The OP mentioned a Y. Since Y exceeds W, Y meets the W rating.

From a liability perspective, if the OEM were to say that you have to use the OEM spec (235/45/17 94W for the 2015 WRX) then they are also saying that their spare is not good enough (thus making them liable for any accidents as a result of a spare tire "event").
That's right, the spare isn't good enough. They state this to protect themselves and less importantly, us. They limit speed -- and so, their liability -- with the spare. The lower speed is stated on the spare itself and in the manual.

Given that I am sure Subaru dealerships wouldn't sell winter tires if they were not appropriate, and that Subaru state driving limitations for using the spare tire rather than making them meet the OEM specification, it becomes our due diligence which is required to ensure that we are using the correct tire for the intended use of the car and the load weight. My tire guy is very careful to explain speed ratings to customers when selling them tires - If I was in an accident and had chosen to use a lower rated tire, then for sure the liability is on me, not him or Subaru. Not to mention that even the lesser equipment can exceed the speed limits considerably and can therefore be claimed to be suitable for the car.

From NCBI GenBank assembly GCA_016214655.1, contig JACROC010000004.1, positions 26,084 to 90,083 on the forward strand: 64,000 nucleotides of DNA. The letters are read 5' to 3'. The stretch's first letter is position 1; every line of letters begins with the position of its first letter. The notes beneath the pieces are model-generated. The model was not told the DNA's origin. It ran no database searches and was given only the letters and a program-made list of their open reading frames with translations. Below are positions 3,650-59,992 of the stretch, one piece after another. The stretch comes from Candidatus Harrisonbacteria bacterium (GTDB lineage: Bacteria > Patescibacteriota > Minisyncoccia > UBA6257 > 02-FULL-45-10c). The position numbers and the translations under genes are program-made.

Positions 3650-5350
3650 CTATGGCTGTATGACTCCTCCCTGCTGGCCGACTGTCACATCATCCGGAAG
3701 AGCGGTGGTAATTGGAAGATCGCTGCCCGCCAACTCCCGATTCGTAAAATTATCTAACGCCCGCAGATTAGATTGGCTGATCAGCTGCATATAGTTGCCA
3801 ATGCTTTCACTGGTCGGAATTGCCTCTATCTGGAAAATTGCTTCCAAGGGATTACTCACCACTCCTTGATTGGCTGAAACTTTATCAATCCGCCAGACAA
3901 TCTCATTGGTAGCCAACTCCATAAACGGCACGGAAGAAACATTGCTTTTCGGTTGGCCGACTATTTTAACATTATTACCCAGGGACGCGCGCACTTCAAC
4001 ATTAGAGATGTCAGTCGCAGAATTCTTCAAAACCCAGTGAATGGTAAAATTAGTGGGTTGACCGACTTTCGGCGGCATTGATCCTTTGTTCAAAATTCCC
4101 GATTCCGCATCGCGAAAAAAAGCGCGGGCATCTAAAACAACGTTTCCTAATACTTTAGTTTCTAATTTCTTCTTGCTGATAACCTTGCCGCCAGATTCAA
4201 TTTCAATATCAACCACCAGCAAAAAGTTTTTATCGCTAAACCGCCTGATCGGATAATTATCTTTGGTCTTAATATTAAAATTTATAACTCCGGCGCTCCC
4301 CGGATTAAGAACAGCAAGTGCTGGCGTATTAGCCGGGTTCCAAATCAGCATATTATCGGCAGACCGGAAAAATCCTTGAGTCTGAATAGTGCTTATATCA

You're not wrong and you're not illogical.

I'd still not fit a tyre of lower speed rating if it were my shop, because litigation is not limited by logic.

EDIT: and again, yes, I'd even fit an S on my own car for winters.

_________
_________

Reading this again, I wondered what made me over-think and over-analyze to such a ridiculous degree. From memory, it's my local Costco; they will only fit the same size and speed rating specified by the maker in the manual. I'm clearly over-thinking, sorry. SD